“Please, I beg you, let me do some good before I die.”
– Ebeneezer Scrooge, The Man Who Invented Christmas
In the story of this film, Charles Dickens wanted Scrooge to be evil, but then, at the final hour, found the goodness within himself and his character both. Dramatic license, of course, but it speaks to something that is fundamental to the story of A Christmas Carol:
People want to do good with their lives.
No, we need to do good with our lives. That is exactly what makes a life good.
Scrooge is a character who spent his entire life looking after himself. Now that he has become old, he is haunted by the ghosts of his life: the pain and regrets of his past, a present he’s cold and hateful towards, and a future he fears. Being made to see how bereft his life is, this cheap, cruel miser yields at last to his better urges, to that longing desire he’d buried so deep within his heart: to do better. To be better. To live a life that actually has some meaning, some love within in. It’s takes facing the grave for him to realize it, but, with whatever time remains to him, he wants to live a good life.
No one really wants to waste their time here, I think. Yet, we waste so much of it. On the one hand, the business of survival crushes down on us, relentless and suffocating, and, on the other, the distractions of selfish, frivolous pursuits tie us in place. We can get so busy with surviving that we fail to live, and we can get so lost in momentary pleasure that we forget what is most important. Even the ideal of doing something with our lives can misdirect us, lead us to try so hard at doing the right thing that we fall out of balance and do the wrong thing instead. We try to leave behind something better, and we make it worse instead.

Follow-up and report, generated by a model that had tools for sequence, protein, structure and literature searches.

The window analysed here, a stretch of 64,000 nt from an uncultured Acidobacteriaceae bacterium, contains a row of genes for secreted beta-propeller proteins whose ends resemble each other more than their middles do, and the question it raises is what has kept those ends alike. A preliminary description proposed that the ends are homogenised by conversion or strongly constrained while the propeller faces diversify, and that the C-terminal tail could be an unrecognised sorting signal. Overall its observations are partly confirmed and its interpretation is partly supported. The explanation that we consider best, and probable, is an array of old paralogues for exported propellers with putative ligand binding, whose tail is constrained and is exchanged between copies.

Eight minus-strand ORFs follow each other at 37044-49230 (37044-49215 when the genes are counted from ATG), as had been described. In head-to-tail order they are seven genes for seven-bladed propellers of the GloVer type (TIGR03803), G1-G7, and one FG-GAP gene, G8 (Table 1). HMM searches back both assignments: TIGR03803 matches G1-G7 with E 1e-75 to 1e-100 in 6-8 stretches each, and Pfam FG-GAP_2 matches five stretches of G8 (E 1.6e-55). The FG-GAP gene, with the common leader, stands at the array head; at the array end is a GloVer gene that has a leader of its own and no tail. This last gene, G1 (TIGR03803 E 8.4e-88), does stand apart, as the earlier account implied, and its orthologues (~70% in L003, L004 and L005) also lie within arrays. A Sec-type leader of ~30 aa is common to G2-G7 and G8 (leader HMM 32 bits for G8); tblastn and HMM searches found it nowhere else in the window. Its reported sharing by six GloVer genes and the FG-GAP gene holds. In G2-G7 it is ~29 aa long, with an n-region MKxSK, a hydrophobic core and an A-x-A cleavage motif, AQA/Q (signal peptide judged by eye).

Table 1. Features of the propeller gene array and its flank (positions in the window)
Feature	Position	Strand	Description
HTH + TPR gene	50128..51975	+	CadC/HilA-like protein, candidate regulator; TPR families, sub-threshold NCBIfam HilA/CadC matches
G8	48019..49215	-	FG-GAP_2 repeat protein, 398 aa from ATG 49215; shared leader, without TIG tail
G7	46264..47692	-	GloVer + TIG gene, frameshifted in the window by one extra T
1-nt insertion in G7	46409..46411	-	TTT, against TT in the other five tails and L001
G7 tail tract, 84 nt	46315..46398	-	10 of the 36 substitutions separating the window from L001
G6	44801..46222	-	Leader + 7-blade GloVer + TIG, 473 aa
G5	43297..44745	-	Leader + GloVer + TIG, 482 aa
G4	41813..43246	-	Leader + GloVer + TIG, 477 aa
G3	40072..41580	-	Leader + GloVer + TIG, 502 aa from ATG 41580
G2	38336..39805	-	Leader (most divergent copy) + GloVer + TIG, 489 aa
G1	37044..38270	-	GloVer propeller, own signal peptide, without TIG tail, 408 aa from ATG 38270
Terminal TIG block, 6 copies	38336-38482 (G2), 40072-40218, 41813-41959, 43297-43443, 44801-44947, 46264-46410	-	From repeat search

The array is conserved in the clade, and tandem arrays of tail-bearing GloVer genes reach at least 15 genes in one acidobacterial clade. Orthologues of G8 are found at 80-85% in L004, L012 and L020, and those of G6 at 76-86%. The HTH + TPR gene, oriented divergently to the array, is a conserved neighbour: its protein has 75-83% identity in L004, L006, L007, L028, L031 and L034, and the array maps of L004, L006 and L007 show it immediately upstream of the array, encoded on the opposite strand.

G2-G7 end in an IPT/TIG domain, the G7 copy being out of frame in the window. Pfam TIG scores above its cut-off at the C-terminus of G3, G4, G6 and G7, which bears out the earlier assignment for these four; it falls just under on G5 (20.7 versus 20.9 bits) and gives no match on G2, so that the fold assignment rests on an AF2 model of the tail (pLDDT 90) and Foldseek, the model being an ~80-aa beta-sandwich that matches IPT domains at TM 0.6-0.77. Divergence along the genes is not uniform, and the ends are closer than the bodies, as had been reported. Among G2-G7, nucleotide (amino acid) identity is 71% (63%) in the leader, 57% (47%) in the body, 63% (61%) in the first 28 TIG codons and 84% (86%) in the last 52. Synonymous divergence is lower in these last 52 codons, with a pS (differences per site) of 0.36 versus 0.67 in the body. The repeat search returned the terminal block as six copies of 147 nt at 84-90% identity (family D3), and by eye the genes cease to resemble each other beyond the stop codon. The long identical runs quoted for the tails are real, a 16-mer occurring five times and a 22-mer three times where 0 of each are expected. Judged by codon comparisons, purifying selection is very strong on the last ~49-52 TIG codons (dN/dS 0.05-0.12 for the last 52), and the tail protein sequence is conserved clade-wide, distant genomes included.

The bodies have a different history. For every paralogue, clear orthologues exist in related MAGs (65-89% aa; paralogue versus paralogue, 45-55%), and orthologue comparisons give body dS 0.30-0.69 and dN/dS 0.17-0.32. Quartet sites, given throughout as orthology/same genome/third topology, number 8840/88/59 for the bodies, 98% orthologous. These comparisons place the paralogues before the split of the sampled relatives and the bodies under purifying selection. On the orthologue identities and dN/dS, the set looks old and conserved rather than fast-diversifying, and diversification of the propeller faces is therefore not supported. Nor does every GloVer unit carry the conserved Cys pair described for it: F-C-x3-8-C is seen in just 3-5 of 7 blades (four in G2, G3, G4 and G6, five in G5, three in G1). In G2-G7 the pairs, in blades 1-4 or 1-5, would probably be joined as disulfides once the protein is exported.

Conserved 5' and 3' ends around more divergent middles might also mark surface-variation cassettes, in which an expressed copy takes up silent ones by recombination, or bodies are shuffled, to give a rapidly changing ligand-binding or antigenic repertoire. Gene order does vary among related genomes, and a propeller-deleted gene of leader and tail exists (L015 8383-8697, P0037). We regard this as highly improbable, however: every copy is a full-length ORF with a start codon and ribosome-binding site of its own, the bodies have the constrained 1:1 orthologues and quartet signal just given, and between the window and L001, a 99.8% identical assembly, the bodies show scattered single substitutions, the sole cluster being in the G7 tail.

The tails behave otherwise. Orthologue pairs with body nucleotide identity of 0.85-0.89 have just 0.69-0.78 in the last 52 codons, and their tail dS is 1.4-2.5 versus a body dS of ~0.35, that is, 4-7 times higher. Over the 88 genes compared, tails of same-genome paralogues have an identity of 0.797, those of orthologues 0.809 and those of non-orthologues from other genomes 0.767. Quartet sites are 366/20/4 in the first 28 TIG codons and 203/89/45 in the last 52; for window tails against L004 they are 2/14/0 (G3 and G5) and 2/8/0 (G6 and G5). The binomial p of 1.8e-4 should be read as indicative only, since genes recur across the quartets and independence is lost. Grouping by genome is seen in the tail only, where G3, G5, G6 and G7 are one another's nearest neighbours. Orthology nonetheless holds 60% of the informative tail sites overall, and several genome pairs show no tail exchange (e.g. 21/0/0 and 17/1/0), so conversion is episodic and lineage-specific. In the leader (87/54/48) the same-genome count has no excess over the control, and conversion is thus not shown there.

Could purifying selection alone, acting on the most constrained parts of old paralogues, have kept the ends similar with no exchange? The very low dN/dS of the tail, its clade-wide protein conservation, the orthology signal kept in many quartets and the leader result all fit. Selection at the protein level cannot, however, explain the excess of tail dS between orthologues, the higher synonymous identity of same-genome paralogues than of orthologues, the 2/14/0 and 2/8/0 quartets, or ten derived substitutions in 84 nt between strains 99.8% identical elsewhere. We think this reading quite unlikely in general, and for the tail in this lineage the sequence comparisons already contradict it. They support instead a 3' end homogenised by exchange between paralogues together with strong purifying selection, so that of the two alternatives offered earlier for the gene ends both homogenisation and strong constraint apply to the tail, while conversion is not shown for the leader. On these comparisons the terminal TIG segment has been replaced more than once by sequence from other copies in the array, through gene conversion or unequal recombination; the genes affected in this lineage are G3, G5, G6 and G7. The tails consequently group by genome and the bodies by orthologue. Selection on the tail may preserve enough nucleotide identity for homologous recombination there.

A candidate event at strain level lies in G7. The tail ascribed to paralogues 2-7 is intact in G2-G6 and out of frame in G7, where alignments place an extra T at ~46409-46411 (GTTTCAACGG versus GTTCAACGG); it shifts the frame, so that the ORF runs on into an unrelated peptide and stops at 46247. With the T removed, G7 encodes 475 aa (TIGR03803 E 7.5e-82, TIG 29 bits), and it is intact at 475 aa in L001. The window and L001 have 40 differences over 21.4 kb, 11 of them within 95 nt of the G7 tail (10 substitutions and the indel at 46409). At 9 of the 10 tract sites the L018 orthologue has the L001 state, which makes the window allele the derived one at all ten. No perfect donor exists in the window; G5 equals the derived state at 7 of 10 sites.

I wonder if we need to stop trying to do great things, and instead focus on doing good things, doing kind, helpful, loving things for the world immediately around us. I recall George Bailey learning a similar lesson in It’s a Wonderful Life, which I may comment on another time. Scrooge learns it, too: for all his great financial success, he’s not done any good in the world, and that is why the world won’t miss him when he dies. So his soul screams out for another chance, for just a little more time to do better than he has, to do good, to love and be loved.
That is the cry of almost every human soul, I truly believe.
Many of us forget it, or are distracted from it, or can’t hear it, or try not to hear it, but all the same, it is there, deep within our hearts, our very souls. It is the knowledge that survival is not enough, that distraction is cheap and pleasure is momentary, that love, mercy, charity, kindness, goodness is not only worth any cost, but that we exist for it. It is bound up in our very being, the drive, the meaning, the purpose of us is to do good. It is our guiding star, our horn sounding in the fog, our map and compass.
We are not here just to keep living for a little longer, because we’ll all die eventually no matter what.
We are not here just to taste a few little pleasures before we die.
We are not even here to carve our names into a history that none will forget, because people forget anyway.
We are not even here to be better than others, standing high on our magnificent virtue and selflessness.
We are here, quite simply, to do good things for each other, to love freely and happily, to make the world around us a brighter place even in times of darkness. That is a good life, a happy life, one worth living, and those who live it are worth missing.
May we all be blessed in our efforts to live such a life!
May we all, and may I, do good, in whatever way we can do that best, while we can.